When I was younger, I was fascinated by the story of the ‘flight of the Condors’. Threatened by extinction, this species of bird which is the largest land bird that can fly, undertakes an arduous journey from California to the Andes mountains in Chile to look for a mate. Their wingspan stretches to as much as 12 feet in some cases, which is as much as two adult males lying head to toe. Now, I could hardly believe it when I got the chance to set out on the same path as the Condor, as part of the pole-to-pole journey of The Polar Odyssey, co-sponsored by Bosch.
There were two key concerns when I first heard about this ambitious adventure ride. These were, of course, the safety of the riders and the performance of the bikes. Thankfully, there were enough things in place to ensure that both of these factors were adequately met. I’ve been on enough rides to know that such trips cannot and must not be undertaken in a reckless manner.
Safety-first approach can make each ride memorable
I am a strong follower of riding ‘ATGATT’ – a philosophy that most full-time motorcycling enthusiasts swear by. It means wearing “All The Gear, All The Time”, and I have no issue saying that this habit has allowed me to make the most of my passion for riding. The equipment here includes – helmet, riding jacket and padded pants, gloves, elbow/knee guards, proper hydration systems, navigation and more. No matter where I ride, I stick by this. I encourage every motorcycle rider, whether recreational or professional, to follow this philosophy as much as possible. You never know what lies behind every corner, and it is certainly better to be safe than sorry.
Of course, simply relying on safety gear and equipment is not enough. What’s also needed is a bike that delivers hassle-free engine performance and most importantly, risk-free braking. There are so many incidents that happen because of the sudden application of brakes on dangerous roads, and it is disheartening to learn that such incidents are avoidable most of the time. With the right technology and ABS (Antilock Braking System) in place, so many accidents can easily be avoided.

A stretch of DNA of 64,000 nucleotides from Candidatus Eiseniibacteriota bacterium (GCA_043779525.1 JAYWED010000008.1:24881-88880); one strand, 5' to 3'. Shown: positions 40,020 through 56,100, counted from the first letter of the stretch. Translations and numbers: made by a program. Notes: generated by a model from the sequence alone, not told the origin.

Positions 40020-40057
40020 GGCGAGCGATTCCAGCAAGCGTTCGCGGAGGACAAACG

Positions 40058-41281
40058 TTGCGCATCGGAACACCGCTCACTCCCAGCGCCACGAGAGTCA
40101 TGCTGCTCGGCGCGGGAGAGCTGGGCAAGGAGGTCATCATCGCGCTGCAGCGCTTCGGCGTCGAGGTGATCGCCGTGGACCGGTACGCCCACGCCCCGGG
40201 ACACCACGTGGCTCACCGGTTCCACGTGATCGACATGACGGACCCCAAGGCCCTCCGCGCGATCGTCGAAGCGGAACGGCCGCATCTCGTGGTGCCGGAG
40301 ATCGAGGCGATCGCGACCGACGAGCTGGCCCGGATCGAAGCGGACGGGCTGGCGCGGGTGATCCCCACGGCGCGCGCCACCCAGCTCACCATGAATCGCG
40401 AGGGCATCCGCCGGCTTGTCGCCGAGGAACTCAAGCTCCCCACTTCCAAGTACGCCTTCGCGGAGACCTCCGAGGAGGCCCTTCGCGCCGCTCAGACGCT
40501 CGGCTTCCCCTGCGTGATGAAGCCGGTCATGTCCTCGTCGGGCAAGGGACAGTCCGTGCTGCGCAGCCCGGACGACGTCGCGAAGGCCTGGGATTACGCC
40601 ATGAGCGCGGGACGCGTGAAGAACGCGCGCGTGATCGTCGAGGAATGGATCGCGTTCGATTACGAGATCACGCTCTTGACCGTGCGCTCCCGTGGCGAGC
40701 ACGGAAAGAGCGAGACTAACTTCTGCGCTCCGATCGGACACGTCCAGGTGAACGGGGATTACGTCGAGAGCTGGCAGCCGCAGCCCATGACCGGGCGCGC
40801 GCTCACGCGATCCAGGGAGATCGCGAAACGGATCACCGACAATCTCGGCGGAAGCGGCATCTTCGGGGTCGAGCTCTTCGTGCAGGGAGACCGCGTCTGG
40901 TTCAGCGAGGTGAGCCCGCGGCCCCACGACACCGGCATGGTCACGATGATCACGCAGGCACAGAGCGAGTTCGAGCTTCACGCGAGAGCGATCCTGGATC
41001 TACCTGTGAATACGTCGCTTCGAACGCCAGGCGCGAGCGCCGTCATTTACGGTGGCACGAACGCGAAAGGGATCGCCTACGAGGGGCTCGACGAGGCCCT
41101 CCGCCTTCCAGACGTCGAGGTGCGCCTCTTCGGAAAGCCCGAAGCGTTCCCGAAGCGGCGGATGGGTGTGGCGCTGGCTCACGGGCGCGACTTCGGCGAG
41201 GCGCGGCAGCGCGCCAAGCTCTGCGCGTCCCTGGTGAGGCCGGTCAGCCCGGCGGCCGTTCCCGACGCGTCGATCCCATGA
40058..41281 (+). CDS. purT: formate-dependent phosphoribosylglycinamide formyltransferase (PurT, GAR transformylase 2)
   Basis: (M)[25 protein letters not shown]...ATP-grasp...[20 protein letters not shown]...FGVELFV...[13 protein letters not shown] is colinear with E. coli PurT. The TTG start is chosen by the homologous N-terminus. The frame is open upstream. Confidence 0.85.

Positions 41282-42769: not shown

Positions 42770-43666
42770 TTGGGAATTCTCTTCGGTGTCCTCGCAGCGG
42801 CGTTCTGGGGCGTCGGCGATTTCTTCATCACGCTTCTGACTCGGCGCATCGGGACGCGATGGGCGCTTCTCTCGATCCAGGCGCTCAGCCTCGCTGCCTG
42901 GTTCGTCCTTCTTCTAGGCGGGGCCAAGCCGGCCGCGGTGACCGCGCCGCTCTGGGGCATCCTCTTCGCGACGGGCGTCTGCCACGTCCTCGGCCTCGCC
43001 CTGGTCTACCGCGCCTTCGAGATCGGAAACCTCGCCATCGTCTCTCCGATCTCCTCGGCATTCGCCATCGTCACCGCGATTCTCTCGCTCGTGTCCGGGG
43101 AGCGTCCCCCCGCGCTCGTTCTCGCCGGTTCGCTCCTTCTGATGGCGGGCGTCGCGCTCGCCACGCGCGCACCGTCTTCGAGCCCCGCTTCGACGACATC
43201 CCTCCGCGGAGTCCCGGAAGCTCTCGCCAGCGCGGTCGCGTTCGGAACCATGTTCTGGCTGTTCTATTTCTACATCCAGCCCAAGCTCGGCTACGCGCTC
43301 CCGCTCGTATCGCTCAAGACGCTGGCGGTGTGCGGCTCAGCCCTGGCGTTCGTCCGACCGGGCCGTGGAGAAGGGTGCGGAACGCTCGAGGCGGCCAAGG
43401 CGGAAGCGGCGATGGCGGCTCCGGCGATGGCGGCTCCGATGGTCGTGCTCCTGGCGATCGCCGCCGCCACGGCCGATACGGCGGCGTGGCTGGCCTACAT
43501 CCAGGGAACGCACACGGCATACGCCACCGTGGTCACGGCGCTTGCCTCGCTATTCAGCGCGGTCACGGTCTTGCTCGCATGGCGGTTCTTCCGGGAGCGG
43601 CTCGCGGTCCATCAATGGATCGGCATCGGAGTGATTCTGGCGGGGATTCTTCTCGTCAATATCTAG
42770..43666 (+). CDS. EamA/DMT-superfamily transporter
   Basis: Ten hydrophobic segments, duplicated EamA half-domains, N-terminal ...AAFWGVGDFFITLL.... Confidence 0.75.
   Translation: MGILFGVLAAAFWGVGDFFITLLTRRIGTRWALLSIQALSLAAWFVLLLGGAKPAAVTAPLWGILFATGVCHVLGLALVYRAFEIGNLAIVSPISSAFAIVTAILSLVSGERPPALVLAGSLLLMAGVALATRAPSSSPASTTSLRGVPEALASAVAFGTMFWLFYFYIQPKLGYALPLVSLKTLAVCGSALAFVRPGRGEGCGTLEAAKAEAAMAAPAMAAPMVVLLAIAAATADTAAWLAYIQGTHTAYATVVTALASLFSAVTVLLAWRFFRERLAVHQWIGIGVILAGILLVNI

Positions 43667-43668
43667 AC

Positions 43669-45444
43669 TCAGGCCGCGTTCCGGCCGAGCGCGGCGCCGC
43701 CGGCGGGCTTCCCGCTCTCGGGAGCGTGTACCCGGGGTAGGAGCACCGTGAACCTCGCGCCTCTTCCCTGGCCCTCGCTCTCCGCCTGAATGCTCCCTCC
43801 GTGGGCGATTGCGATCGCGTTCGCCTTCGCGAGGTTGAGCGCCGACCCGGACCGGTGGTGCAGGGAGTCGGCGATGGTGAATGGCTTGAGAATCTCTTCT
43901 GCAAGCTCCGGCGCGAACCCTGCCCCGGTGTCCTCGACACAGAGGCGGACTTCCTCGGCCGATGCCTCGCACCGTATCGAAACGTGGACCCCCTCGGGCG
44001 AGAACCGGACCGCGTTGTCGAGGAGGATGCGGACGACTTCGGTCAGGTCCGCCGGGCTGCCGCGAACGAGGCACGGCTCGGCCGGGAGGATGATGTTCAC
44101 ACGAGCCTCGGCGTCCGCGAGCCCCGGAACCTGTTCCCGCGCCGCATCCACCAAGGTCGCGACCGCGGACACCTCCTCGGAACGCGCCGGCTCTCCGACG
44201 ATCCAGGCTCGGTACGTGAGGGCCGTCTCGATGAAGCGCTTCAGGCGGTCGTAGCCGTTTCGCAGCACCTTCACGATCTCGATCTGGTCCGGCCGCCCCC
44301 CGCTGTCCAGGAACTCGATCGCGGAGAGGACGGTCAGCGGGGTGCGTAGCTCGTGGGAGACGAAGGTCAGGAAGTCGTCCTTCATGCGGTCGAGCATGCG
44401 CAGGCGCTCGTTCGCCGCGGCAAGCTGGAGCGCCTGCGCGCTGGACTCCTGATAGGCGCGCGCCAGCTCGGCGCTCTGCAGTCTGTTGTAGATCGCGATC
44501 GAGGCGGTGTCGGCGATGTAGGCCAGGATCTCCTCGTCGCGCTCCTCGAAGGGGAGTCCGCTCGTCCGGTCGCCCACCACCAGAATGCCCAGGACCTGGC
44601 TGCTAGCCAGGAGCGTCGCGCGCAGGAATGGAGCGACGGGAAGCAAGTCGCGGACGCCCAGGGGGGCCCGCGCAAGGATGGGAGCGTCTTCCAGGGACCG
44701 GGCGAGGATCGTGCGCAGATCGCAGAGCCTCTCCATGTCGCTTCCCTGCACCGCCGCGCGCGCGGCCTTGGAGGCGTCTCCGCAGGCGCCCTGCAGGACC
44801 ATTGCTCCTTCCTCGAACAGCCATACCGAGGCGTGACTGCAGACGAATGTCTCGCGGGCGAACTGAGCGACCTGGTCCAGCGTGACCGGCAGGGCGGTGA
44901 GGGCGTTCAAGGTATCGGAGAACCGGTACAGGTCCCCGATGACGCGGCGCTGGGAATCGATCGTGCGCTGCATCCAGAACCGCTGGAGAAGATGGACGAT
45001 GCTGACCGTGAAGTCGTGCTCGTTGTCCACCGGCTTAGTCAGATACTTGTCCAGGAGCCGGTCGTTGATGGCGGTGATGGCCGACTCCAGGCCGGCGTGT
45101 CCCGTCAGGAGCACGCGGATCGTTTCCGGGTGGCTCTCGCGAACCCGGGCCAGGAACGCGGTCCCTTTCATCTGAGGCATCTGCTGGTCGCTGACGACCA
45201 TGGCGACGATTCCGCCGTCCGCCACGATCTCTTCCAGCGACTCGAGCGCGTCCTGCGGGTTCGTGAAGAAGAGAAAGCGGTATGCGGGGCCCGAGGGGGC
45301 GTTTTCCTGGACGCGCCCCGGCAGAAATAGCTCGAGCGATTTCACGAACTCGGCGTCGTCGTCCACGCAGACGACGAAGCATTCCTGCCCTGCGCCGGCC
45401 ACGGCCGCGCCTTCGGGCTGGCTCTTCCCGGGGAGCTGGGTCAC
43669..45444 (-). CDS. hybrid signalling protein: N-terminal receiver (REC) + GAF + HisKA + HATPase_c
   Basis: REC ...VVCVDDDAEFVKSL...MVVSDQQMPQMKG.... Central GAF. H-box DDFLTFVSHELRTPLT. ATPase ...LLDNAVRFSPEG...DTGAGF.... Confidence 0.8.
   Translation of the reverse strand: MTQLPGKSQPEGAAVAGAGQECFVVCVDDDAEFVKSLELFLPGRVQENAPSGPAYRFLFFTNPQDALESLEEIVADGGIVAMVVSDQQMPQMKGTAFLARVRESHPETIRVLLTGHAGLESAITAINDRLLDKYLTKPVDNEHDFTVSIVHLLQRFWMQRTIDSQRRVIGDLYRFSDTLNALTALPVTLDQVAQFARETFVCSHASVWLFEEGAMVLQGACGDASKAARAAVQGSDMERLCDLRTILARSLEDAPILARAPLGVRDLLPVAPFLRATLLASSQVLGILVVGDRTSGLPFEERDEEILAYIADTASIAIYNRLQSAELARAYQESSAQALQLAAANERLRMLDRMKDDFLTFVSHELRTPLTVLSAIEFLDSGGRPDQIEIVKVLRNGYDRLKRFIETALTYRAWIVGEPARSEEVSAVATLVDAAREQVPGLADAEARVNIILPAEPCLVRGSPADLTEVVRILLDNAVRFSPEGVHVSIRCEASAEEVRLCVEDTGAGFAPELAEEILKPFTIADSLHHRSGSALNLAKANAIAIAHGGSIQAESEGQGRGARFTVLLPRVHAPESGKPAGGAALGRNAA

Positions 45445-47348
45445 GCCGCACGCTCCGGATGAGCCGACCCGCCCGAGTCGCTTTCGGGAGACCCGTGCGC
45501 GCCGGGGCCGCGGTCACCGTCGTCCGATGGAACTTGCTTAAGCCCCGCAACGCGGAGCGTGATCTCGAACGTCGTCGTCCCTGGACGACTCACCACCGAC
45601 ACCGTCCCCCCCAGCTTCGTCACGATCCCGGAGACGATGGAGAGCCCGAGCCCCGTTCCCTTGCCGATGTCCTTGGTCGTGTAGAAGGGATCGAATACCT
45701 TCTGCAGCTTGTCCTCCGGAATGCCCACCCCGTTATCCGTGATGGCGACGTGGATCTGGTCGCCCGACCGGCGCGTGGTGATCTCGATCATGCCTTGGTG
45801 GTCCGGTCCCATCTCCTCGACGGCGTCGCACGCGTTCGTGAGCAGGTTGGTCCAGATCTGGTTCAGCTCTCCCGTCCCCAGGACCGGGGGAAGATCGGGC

For instance, during our ride on the Dempster and Dalton Highways, the terrain conditions were much worse than we expected them to be. With so much loose gravel, navigating the bikes on these roads required all my skills and expertise gained over the last three decades of adventure traveling. But I would still say that the Bosch ABS on the bikes proved to be an undoubted boon. The confidence it gave me, and the fellow riders was amazing.
The Polar Odyssey has taken us on roads and terrains that most bikes would have been unable to successfully manage without breakdowns. I know of so many rides and trips that have ended because the bikes have been unable to handle the torture and thus broken down. In light of that, the EMS technology we have in place on our bikes has allowed us to experience the American Continents in the most comfortable way possible.
With no worries about ignition or fuel supply at high altitudes, we have been able to enjoy The Polar Odyssey and take our riding skills to the next level. The Engine Control Unit has performed seamlessly thus far, and has delivered unbeatable technical benefits regarding the throttle, fuel injection, air pressure and more, and I am really excited about where the next few weeks are going to take us.
In light of that, I strongly implore fellow Indian riders to undertake such journeys too. But to do so with the right safety gear and equipment enabled on the bike as well. Riders today have better technology and machines than ever before, but this should not take away from the real spirit of a ride. It is more fun when you actually take the time out to stop frequently and talk to people and share your story, rather than just zooming through from point A to B in the fastest time.
There are so many great routes and roads to explore in the world, and I intend to keep the spirit of the ride alive even after The Polar Odyssey will be over, and I wish the same to all my fellow riders. Ride far and ride safe!
Read more about The Polar Odyssey here.